writing from Italy perhaps I can contribute a different point of view to your discussion. First of all, here we tend to see things through the lens of politics, and I think that this leads to the first argument against inequality: if the super-rich billionaires use their wealth to hijack the lawmaking process to further their agenda and become richer, then we have here a self-reinforcing process that can undermine our democracies. It is not paranoia, we have had billionaire Berlusconi run for office, get elected and then pass a raft of laws protecting specifically his interests (a VAT hike striking his competitor Rupert Murdoch, among dozens other) - and in the US you have the Koch brothers financing the Tea Party.
And in this game, the ones with the largest relative slice of the pie win (and this not considering the fact that it remains easier to coordinate the efforts of a few tens of super-billionaires than tens of millions of middle class citizens, the Internet notwithstanding). No pie fallacy here: as a (middle class) citizen I have to be worried that the super-rich get richer, even if in absolute term I am better off.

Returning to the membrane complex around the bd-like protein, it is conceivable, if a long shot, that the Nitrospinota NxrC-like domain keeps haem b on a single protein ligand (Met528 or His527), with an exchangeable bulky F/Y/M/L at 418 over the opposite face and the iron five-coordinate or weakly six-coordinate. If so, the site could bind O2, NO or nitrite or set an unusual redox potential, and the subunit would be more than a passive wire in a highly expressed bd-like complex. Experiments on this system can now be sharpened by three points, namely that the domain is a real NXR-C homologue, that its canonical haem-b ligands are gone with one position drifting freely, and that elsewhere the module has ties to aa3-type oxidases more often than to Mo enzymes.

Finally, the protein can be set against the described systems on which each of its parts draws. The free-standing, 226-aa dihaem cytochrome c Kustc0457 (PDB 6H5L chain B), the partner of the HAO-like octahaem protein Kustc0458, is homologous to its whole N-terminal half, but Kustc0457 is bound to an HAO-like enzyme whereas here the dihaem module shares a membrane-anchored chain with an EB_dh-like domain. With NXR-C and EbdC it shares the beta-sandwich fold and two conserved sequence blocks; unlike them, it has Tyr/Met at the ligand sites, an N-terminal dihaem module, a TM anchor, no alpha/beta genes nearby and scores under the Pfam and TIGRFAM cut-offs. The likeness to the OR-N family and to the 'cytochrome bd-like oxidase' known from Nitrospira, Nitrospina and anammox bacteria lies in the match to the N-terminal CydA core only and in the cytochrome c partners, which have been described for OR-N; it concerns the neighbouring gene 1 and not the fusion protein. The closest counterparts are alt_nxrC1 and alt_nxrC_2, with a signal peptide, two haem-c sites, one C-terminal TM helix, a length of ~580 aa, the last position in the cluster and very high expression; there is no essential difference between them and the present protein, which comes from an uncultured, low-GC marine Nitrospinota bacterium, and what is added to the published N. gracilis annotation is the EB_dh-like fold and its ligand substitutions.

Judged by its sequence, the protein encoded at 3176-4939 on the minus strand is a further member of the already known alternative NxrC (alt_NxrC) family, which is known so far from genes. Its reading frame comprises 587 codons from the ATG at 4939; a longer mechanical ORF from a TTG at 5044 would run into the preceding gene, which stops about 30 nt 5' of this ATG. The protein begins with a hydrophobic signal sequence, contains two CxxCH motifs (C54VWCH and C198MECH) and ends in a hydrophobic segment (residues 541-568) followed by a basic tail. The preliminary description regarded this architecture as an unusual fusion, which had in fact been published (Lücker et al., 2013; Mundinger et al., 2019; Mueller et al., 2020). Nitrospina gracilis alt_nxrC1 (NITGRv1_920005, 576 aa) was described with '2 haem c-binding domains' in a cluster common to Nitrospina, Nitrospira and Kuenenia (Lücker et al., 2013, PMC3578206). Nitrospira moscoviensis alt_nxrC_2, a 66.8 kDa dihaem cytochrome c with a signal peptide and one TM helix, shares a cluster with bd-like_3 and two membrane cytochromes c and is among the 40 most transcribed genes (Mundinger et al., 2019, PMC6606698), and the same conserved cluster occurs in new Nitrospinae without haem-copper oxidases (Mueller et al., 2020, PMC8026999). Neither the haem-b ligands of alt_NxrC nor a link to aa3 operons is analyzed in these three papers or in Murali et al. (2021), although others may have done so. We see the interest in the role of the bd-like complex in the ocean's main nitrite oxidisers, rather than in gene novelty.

A concrete example: here in the EU all big Silicon Valley companies in practice pay no taxes: by using the most complicated schemes (double Dutch/Irish, anyone?) they manage to reduce their tax rate to a few %, while ordinary businesses pay something close to 40% here in Italy. You cannot imagine what level of support for far-right populist parties this is whipping up. Not good for democracy. And even worse is the erosion of the fiscal base of the state.
So Mr Graham, the problem is not that the startup founders want to get rich, the problem is that their past behavior demonstrates clearly that in order to get there they are ready to sacrifice the social compact that has kept our societies together and made them prosperous.
Their mindset has to change and no, creating foundations endowed with tens of billions of Us Dollars is no substitute to paying your fair share of taxes